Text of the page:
In a recent and highly anticipated decision, a court in the Southern District of New York held that Ripple’s cryptocurrency token – XRP – is not inherently a security. In a setback to the SEC, the court also held that certain sales of XRP to retail investors through blind “bid/ask” transactions were not securities transactions when considering the economic realities and under the totality of the circumstances. SEC v. Ripple Labs, Inc., et al.
The court delivered its decision on these “programmatic sales” of XRP to retail investors, as well as its decisions on “institutional” and other types of sales of XRP, when ruling on competing summary judgment motions. Even though the court’s rulings were limited to the transactions at issue and could be appealed, its decision undermines the SEC’s current position that it requires no additional authority from Congress to regulate both sales of tokens and cryptocurrency trading platforms.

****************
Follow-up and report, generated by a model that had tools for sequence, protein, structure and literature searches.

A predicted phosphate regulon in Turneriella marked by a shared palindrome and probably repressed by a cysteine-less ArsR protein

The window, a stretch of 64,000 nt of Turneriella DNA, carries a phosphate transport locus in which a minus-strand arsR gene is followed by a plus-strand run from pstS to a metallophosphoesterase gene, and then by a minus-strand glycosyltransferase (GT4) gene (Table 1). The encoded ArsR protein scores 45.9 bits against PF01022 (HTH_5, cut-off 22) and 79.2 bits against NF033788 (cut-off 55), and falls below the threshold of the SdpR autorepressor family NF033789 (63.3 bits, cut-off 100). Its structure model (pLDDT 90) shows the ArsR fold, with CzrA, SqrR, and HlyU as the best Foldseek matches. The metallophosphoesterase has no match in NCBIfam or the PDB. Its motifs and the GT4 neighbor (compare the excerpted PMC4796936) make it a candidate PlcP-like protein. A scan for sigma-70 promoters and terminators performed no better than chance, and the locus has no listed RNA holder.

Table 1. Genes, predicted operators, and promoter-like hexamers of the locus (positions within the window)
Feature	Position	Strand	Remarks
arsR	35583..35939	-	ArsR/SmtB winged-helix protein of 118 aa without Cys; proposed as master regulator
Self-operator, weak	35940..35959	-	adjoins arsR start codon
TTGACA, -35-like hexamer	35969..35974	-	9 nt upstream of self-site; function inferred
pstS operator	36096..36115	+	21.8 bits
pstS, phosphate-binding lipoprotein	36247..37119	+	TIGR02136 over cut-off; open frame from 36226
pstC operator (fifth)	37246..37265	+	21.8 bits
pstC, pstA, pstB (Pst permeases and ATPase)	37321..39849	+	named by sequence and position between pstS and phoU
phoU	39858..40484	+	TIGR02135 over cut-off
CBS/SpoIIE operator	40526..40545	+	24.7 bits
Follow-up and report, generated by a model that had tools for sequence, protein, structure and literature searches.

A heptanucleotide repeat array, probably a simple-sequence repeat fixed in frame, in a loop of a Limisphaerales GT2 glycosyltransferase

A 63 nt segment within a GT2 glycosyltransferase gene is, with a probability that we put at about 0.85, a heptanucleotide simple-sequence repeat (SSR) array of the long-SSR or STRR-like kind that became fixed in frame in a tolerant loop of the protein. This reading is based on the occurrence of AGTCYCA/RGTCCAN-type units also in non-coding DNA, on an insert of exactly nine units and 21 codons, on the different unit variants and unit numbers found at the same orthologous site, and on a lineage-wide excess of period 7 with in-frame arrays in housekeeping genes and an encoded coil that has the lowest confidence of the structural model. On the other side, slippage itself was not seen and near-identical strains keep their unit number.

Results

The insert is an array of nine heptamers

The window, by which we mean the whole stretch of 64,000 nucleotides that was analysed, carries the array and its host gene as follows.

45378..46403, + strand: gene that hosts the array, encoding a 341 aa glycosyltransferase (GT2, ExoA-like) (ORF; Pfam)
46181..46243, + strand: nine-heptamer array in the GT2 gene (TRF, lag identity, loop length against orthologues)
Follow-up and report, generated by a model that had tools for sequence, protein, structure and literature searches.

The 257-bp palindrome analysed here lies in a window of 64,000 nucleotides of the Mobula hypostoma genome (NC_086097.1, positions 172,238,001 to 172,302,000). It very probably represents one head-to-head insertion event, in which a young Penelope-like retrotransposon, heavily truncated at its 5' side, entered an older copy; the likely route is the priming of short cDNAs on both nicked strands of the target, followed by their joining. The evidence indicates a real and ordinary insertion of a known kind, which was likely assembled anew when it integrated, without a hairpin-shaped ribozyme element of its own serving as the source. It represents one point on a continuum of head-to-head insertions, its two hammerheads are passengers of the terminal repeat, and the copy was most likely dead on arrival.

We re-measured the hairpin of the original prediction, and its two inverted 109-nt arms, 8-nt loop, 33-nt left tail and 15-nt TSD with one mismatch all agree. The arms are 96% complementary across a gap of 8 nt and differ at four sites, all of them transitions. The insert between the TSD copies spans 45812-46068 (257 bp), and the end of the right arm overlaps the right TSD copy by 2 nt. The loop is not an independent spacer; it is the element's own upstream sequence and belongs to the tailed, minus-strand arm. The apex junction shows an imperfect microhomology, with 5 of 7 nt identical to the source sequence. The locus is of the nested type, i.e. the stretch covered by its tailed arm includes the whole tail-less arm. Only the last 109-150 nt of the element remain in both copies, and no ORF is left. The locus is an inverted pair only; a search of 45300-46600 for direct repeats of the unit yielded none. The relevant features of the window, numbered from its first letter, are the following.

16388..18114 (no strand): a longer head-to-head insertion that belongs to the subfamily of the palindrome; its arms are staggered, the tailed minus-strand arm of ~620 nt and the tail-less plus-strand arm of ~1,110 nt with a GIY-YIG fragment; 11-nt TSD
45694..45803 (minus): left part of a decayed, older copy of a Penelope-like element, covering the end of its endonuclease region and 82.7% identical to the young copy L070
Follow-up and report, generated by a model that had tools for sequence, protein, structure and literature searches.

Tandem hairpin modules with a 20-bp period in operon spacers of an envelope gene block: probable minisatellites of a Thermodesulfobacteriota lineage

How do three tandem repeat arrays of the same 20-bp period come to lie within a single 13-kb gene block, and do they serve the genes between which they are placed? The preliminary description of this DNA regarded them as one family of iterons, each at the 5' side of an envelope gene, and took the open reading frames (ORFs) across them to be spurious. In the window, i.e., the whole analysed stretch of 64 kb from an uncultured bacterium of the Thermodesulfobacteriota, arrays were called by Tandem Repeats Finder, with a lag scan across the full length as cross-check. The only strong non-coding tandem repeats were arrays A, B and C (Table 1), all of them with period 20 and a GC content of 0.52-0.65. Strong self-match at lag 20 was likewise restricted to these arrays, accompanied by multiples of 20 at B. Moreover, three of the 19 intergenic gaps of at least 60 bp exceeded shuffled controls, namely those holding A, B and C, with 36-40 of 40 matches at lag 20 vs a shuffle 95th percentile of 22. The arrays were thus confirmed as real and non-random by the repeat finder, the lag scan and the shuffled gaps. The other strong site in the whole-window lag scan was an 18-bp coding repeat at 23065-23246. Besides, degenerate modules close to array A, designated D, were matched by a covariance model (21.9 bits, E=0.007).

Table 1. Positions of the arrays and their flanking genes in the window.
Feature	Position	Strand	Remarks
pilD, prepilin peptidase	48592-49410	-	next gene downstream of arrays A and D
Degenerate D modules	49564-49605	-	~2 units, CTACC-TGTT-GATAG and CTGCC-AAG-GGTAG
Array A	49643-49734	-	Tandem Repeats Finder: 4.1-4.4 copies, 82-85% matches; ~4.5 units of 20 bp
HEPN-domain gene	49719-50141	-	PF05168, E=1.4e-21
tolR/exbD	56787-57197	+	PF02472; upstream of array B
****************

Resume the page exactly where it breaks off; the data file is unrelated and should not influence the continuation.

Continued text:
In its complaint, the SEC accused Ripple and two key executives of conducting unregistered securities transactions through the offers and sales of its XRP token. According to the SEC, Ripple engaged in three different categories of unregistered XRP offers and sales in violation of Section 5 of the Securities Act of 1933:
(1) “Institutional Sales” – direct sales pursuant to written contracts with counterparties (primarily institutional buyers, hedge funds, and “on-demand liquidity” customers);
(2) “Programmatic Sales” – sales of XRP on digital asset trading platforms “programmatically” so such sales did not exceed a certain percentage of XRP’s overall daily trading volume (think of these as retail sales to everyday investors); and
(3) “Other Distributions” – the distribution of XRP by Ripple and related third parties primarily as payment for services, such as employee compensation.
In reaching its decision, the court narrowly applied the U.S. Supreme Court’s well-known test in SEC v. Howey Co., 328 U.S. 293 (1946) to each category of sales, which outlines the standard for an “investment contract.” Under the Howey test, an investment contract is “a contract, transaction[,] or scheme whereby a person [(1)] invests his money [(2)] in a common enterprise and [(3)] is led to expect profits solely from the efforts of the promoter or a third party.” 328 U.S. at 298-99.